Freddie plays coronet & sings "Gimme that Razza-ma-tazz/ I'm getting tired of jazz." They're quite an amusing band & really should've been given part of the time that was earlier wasted on the Musical Maniacs.
We're soon introduced to the environment of the Midtown Artists Club, where Tim goes to stay after Mr. Moody fires him for rummaging through private papers.
Comic book cartoonists are arrayed around the club doing their drawings. Tim's sitting at the bar, a bit glum over being fired.
Apparently to cheer him up, musical entertainer Adia Kuznetzoff sings to him, & is startlingly good, a deep voiced music hall performer, singing in Russian & sounding like a heroic Cossack.
So apparently comic book illustrators had truly fabulous clubs in those days, with first-rate entertainment in the lounge.
Betty shows up at the club, then she & Tim track down Betty's mother, who she's never met & knows nothing about the reason for estrangement. She's a wealthy author who lives across town, a bit ditzy, an amusing gal happy to meet her daughter for the first time.
The complete oddness of her living across town part of each year, & never making any attempt to get to know her daughter, is never explained. It's treated as completely ordinary.
The story of how she & Phineas had a falling out is fairly absurd, as her husband wanted to be a great comics artist, & she thought his artwork was mediocre.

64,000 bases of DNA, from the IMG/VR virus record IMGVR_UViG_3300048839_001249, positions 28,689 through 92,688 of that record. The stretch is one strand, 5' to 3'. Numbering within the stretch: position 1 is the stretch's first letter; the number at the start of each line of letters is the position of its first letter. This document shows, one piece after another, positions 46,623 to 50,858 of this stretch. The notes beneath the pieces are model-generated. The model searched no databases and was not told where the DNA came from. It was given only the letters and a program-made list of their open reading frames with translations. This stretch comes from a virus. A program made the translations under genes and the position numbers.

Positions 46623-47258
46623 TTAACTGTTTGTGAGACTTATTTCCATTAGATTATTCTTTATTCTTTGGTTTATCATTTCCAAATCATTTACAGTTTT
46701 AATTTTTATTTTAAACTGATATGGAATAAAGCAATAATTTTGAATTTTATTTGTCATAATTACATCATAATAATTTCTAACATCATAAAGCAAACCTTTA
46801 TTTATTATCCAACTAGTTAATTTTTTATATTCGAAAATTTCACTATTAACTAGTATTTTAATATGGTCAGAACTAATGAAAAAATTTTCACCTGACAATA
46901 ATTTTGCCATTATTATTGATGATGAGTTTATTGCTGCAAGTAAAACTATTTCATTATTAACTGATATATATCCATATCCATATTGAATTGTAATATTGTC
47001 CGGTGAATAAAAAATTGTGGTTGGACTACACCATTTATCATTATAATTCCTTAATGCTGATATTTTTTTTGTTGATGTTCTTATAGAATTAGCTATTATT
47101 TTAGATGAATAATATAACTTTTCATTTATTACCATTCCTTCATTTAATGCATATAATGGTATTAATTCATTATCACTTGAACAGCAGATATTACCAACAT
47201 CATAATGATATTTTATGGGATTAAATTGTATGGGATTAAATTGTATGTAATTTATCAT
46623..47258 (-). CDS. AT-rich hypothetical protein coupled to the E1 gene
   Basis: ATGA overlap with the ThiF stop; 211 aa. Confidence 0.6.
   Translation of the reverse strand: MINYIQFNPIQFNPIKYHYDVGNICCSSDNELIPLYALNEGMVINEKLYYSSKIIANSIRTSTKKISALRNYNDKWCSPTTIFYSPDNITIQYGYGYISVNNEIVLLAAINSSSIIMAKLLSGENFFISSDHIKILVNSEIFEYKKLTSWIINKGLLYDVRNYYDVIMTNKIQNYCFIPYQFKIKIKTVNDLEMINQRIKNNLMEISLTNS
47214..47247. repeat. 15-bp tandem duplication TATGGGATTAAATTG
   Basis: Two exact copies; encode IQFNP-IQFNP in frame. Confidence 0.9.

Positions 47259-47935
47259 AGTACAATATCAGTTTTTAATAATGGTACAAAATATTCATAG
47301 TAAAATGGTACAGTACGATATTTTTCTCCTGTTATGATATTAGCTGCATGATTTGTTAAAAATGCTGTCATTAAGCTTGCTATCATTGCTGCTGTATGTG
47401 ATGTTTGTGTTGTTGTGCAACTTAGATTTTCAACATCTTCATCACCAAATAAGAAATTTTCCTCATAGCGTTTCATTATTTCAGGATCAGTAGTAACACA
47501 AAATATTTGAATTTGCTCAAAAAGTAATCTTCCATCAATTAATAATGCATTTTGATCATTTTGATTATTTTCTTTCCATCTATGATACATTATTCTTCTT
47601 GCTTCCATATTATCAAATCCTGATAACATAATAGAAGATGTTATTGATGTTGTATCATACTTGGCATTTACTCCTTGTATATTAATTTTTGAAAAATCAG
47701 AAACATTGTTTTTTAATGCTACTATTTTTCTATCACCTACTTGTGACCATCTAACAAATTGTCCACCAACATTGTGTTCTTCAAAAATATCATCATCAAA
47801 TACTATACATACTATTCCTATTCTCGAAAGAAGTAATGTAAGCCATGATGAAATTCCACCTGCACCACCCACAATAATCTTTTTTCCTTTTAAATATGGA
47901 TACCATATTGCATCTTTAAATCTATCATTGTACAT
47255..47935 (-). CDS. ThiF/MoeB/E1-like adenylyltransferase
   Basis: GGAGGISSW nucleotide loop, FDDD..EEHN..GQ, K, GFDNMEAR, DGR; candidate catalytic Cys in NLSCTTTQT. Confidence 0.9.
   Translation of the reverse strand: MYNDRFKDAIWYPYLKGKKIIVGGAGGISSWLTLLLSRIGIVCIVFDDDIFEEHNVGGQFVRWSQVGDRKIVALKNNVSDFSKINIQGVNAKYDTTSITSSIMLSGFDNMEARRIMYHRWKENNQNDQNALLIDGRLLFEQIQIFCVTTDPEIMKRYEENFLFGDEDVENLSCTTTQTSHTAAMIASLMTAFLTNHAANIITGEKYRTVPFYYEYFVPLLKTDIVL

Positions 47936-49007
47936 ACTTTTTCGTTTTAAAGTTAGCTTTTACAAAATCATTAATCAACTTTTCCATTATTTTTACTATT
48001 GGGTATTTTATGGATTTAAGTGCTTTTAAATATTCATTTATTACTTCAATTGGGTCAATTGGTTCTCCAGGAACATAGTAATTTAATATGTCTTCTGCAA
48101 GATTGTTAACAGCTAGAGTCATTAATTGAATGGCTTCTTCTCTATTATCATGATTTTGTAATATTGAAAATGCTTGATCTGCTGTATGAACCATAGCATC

He'd drawn his "brainchild" in a flash of inspiration on a cafe wall one day. He was so proud of himself, but when she said it wasn't any good, he threw an incredible tantrum, they broke up, & hadn't seen each other for two decades since.
Tim, Betty, & Mom set out for that cafe as Tim thinks the secret of Phineas's recovery rests in resurrecting his brainchild. At the cafe, we get to see Gene Rodgers performing at a white piano.
Gene's a good lookin' black guy with the most amazingly serious profile as he plays first a classical piece, transforming it into boogie-woogie, at which point his serious demeanor becomes joyful as his performance gets wilder & wilder. What a musician! What an entertainer! He gets Betty's old mom ready to jump & jive.
They terrorize Gus the waiter (Jack Chefe, who specialized in playing waiters in many low budget comedies) & rip the wallpaper from the wall until they discover the brainchild, a caricature of a lively baby.
Within hours they're ready to make an actual cell-animation cartoon of Baby, in reality provided by Dave Fleischer of the Fleischer Brothers studio responsible for Betty Boop.
The idea that you can make a cartoon in a few hours, or that comic book publishers are set up to make cell animation, we'll just pretend is totally likely.
When his estranged wife Hettie shows up to sit with him as he watches the cartoon called "That's My Baby," he bursts into laughter, & everyone lives happily ever after.
copyright © by Paghat the Ratgirl